John Anderson (950629.0630 EDT) wrote:
Suppose that the results of an action, like choosing a certain golf
club, reduce the error between some desired (reference) perception,
like getting the ball in the hole, and the actual perception.
But an action cannot reliably produce an outcome when disturbances are present.
some process strengthens the synaptic connections in the control
systems whose activity produced the action that led to those "good"
results, then when those control systems become active again, a
similar neural response will be likely to occur. If the global set of
active control systems in which it occurs is similar to the one
preceding the first "good" result, which I think is a reasonable
expectation given a similar situation, then the overall action of the
organism (the golfer) will probably be similar, and hopefully (for the
golfer) will lead to a similar result.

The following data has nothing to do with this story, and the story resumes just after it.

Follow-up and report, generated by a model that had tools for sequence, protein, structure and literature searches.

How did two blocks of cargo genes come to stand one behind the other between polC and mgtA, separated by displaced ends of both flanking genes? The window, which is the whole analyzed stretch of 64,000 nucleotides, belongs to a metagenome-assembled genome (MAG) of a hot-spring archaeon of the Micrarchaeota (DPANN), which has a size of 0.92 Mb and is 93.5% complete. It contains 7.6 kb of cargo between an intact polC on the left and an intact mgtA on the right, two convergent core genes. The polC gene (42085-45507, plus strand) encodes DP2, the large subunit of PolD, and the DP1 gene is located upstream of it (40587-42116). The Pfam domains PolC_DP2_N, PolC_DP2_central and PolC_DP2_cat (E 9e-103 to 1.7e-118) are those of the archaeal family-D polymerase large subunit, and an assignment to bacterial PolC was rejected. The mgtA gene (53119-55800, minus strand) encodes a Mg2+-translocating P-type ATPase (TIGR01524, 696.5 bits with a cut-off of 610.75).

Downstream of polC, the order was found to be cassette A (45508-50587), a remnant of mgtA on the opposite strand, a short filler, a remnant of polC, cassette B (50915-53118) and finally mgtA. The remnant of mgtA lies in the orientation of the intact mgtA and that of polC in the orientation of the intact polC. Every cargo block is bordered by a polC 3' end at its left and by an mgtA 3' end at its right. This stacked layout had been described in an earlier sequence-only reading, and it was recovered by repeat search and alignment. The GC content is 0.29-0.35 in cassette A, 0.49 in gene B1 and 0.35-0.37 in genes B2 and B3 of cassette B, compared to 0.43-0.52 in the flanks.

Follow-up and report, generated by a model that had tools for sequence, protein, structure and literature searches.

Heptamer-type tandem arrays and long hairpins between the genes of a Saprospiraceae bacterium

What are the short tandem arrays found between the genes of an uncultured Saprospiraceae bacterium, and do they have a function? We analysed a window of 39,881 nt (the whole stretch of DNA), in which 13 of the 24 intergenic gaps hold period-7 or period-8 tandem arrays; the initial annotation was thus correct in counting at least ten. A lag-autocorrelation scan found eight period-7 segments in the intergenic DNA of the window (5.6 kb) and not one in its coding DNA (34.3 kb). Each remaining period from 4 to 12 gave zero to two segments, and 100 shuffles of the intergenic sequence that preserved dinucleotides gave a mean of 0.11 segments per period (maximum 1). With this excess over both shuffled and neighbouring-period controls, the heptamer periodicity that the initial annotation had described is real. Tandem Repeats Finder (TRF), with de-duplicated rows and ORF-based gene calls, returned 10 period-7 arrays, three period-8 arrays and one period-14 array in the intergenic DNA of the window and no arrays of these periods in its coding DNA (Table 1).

It seems to be that much of the S-R vs. PCT debate could be cleared away by
simply keeping in mind that a given action cannot reliably produce a
desired outcome. However, controlling for some combination of lower-level
perceptions CAN reliably produce an outcome, that is, a higher-level
perception. Isn't that what HPCT is all about?
So learning is not strenghtening connections between stimuli (perceptions)
and responses (actions), but rather strengthening connections between
different types of perceptions. For Calvin to learn to ride his bike, he
needs to figure out what controlled lower-level perceptions will result in
the higer-level perception of success at bike riding. S-R learning will
not do this. P-P learning will.--Gary